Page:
The use of pwy bfloic a noun in rnro : Pwy ystyr yw gemiyt ti kelu . . . W.M. 454 ' wha< reiison hast thou to conceal ...'?' Probably the yw here is redundant as above, and the construction was originally that in Pwy yslyr nas ugory ti do. 456 ' what is the reason that thou wilt not open it t' This type of phrase might give rise to the adjectival use of pwy, which occurs more frequently later, and is common in the dialects : pwy wr IL 30/103, pwy ryw fyd do: 480, cf. pwy un ii (i) below.
(a) Ml. W. pa, py, ba, by, Mn. W. pa, ba (rarely py) ' what . . . ?' adjectival. It causes the soft mutation (B.B. fa gw s pa 'swr).
Pa gw yv y porthaur B.B. 94 'what man is the porter?' Pa i/yvarwydd a vy8 ymi W.M. 4 ' what indication will there be to me 1' // edrych pa veSwl yw yr eiSunt do. 39 ' to see what thought is theirs';
yin mha ddinasoedd y maent yn preswylio Num. xiii 19.—Py Srwc yw hyimy B.M. 178 'what evil is that ?' i.e. what does that matter? py U pan Seuei WM. 132, E.M. 204 'whence he came'.—Ba befh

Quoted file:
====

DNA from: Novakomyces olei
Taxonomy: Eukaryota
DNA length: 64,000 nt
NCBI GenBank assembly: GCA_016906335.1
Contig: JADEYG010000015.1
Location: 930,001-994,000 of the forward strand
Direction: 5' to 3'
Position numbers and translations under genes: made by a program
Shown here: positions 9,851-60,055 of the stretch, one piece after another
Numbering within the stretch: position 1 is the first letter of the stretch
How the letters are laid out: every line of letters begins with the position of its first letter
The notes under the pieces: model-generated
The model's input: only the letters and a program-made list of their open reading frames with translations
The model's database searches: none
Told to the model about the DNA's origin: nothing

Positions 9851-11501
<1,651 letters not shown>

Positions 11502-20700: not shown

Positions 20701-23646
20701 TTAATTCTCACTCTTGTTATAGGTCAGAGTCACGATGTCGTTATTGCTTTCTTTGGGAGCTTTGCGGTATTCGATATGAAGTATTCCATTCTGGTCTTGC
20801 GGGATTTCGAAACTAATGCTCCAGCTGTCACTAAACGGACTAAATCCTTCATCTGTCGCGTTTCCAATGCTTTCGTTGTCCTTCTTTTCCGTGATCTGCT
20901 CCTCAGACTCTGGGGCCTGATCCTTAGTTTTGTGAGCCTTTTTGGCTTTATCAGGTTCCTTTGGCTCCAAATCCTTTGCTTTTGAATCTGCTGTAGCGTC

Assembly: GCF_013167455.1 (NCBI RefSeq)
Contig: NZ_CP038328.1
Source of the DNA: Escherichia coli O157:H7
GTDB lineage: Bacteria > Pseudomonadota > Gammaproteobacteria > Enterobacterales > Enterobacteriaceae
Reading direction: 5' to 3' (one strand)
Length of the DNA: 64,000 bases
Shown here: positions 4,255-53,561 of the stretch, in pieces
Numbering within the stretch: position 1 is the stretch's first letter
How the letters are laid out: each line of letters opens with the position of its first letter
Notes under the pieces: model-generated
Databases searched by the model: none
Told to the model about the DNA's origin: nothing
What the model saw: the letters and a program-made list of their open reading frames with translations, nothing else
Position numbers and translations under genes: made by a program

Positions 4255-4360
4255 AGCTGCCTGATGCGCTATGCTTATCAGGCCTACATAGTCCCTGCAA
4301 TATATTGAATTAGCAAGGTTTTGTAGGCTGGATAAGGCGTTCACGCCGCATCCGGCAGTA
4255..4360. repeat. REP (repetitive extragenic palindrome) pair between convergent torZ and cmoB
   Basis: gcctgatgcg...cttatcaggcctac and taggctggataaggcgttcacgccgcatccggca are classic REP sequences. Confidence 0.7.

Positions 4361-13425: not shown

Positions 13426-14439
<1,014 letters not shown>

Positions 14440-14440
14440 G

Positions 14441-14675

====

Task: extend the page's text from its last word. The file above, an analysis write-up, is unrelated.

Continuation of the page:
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see (,i), by Syn bynnac B.P. i2g6. Forms with b- are common in Early Mn. verse.
In Early Ml. W. pa, py is also used for ' what ?' substantival, as pa roteiste oth dud B.B. 20 'what didst thou give of thy wealth?' Pa Sarvw w.M. 58, B.M. 41 'what happened?' Pa wnaf B.P. 1045 ' what shall I do 1. ' Py gynheil magwyr dayar yn bresswyl B.T. 28 ' what supports the wall ot the earth permanently 1'—It ib also used for ' why t' as Py liuy ( = livy or liwy) di w.M. 454 ' why dost thou colour 1' Duw reen py bereist lyvwr B.P. 1032 ' Lord God, why hast thou made a coward t'